“The DNA sample that you have provided does not match any of our records. Please return another sample to us.” He paused and read it again. Without saying anything, he flipped it over and skimmed the other side. It listed the countries: 0%, 0%, 0%. Another small line at the bottom: “Your DNA sample has not returned any matches.”
What do you do the morning after a one night stand when you cough and a decaying penis falls right out of your very own, very alive lady parts onto your shower floor?
From the first to the last, Adjei-Brenyah’s ‘Friday Black’ collection of short stories holds rank among some of the most visually-thrilling, inflammatory and enriching ones I’ve ever read. It’s a provoking and daring look at the lives and experiences of black men and women today and every day before, wrapped up in deliciously clever language.
I’m little. Only two years or so. I must be less than three years old, because she’s still alive. I’m outside, somewhere. I’m surrounded by people - large, looming faces that I don’t recognise. I tip my head over the arms that hold me to look around. There’s a beautiful one, two old ones, a big one, a really big one, a furry one, and there’s her.
When he died, a big part of Peter thought the rest of the world would too. He’d thought about how it might happen, many times. Not the way he’d die - that seemed fairly obvious to him - but how the world would cease after he was no longer there to watch it. Would the earth disappear with a bubble-wrap ‘pop’ at the moment his main artery finally clogged? Would the colors in the world start to drain as his vision swam? Would the roads, forests and oceans, some that he’d travelled across and some that he’d only read about, start to fold up on themselves like giant monoliths in the sky as his own heart constricted and failed in his chest? Most importantly, would anyone know why it was happening?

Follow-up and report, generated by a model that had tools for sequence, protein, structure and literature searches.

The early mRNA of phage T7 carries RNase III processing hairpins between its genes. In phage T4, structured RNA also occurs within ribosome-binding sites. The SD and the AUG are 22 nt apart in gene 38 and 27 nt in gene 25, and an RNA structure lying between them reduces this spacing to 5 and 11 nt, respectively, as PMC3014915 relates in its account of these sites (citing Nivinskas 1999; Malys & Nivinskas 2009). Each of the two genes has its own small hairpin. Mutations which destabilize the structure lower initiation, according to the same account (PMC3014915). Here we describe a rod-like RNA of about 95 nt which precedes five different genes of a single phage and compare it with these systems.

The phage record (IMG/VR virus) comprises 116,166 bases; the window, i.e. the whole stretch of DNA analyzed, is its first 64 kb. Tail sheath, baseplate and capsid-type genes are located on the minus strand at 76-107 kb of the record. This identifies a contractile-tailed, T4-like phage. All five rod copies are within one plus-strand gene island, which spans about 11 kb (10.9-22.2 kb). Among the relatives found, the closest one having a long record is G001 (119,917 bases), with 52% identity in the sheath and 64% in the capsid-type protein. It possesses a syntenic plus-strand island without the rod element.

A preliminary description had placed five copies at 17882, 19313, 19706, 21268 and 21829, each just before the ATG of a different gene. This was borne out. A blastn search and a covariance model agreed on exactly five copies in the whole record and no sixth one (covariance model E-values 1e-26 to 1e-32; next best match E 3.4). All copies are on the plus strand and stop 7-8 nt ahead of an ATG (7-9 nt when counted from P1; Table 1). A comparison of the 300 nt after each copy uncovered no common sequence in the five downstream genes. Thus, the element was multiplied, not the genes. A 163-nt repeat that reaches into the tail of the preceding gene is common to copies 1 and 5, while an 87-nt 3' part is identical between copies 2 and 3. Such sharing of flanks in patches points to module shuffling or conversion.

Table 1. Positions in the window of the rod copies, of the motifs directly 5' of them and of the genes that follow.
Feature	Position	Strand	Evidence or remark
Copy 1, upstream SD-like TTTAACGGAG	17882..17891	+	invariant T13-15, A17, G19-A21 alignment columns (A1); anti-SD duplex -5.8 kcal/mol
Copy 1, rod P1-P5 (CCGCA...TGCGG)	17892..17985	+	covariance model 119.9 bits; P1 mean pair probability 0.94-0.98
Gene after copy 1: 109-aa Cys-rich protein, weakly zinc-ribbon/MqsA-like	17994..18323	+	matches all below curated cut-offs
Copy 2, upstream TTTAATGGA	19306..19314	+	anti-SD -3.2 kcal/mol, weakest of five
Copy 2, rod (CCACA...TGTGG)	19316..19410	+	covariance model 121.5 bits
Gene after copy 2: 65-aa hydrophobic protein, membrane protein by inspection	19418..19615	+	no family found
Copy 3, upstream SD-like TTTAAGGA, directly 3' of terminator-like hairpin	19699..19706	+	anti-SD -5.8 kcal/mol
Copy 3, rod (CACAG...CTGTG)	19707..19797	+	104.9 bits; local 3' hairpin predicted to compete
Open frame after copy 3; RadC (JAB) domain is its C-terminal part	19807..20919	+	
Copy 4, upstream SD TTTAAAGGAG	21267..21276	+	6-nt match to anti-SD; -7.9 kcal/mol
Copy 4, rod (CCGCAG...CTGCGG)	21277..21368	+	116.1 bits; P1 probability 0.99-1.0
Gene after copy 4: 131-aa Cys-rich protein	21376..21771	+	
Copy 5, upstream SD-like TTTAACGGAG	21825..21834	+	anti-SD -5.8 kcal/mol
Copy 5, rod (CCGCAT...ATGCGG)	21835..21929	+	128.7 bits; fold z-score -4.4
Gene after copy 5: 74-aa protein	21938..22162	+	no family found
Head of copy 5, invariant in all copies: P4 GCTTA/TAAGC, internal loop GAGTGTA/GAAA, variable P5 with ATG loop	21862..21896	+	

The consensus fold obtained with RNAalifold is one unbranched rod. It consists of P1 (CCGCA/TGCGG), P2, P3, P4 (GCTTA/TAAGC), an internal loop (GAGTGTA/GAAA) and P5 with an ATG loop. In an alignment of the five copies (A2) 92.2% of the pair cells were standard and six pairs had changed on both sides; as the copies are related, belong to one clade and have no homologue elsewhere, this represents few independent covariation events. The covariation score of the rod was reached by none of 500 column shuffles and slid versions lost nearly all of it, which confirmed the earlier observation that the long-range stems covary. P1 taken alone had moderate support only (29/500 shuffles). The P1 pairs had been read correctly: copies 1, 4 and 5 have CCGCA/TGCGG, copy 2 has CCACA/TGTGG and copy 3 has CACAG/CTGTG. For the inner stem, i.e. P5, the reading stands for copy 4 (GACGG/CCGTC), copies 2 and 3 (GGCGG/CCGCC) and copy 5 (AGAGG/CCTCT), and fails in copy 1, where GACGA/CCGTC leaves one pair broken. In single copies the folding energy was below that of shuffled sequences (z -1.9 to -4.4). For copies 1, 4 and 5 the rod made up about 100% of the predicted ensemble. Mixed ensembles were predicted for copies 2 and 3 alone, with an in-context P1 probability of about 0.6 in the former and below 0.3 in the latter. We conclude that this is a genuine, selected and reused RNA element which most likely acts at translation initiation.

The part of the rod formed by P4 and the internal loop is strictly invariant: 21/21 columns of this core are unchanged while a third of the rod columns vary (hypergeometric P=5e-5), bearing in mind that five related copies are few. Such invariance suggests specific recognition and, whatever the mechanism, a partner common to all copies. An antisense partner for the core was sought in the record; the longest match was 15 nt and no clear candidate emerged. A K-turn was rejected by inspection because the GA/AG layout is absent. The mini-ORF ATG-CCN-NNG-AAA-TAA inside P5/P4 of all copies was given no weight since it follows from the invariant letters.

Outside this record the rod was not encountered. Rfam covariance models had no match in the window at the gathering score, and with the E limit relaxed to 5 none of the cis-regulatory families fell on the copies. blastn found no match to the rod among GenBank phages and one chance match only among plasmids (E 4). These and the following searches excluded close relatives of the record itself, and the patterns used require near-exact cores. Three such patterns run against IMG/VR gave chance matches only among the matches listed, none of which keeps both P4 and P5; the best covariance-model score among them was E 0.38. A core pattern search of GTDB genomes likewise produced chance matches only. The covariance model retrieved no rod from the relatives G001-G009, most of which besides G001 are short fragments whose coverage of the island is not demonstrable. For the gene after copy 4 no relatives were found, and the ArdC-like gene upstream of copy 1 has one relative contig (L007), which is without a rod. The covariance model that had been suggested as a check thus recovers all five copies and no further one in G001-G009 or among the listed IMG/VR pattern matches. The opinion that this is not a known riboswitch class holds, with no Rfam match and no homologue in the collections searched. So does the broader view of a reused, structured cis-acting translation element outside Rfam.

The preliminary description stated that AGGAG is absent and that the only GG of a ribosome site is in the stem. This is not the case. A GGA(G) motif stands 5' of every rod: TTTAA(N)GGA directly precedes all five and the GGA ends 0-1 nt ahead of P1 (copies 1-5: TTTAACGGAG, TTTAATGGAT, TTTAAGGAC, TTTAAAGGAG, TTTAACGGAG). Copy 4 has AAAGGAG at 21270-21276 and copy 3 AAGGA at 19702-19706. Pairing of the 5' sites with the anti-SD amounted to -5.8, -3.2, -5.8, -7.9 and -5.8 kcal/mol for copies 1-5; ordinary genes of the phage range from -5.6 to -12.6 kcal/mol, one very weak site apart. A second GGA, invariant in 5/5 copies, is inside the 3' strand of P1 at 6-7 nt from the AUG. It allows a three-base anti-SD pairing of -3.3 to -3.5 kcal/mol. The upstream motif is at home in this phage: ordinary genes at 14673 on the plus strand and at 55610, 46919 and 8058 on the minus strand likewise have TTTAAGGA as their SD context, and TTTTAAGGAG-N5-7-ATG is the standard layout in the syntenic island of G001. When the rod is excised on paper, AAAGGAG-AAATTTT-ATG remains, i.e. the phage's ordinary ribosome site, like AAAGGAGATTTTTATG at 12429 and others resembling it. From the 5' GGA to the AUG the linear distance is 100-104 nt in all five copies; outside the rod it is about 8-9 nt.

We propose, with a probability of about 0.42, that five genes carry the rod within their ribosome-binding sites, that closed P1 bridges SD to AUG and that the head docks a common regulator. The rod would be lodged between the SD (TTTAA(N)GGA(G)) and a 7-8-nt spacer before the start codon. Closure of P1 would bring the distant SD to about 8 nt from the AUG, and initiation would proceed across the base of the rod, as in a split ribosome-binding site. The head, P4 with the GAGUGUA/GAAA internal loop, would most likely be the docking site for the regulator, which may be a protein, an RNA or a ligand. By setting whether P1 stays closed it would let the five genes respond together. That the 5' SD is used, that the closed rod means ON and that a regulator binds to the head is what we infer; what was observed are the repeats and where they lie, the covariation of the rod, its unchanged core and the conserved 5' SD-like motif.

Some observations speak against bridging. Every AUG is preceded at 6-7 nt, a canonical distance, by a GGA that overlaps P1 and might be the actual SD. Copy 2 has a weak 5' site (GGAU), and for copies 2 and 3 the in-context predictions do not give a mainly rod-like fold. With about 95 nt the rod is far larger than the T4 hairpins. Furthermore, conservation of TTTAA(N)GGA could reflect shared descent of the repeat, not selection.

So many sounds that she couldn’t place. But they were coming from a place. Did the place come first, or the words? She sang them so they weren’t wriggling around in her throat like a fish. Like a plaice. She laughed and saw colours.
Spring was here, and so too, finally, was he. The group had been sat, or stood, for almost half an hour now on the front lawn. The photographer had so far been in and out of the house three times to collect more equipment. To the waiting men, the light bulbs, the stand, and the camera he was meticulously positioning looked like more of a bizarre sculpture than a setup for a single photo....
The pig (part of the Stranger Stories series) The moment she opened the front door, the shadowy figure grabbed at her. He rushed forward so quickly that he could have caught her heart in his hands as it leapt up her throat and out her mouth. But as she felt his hands on her, and smelled his cologne, she swallowed the feeling of fear. She recognised him.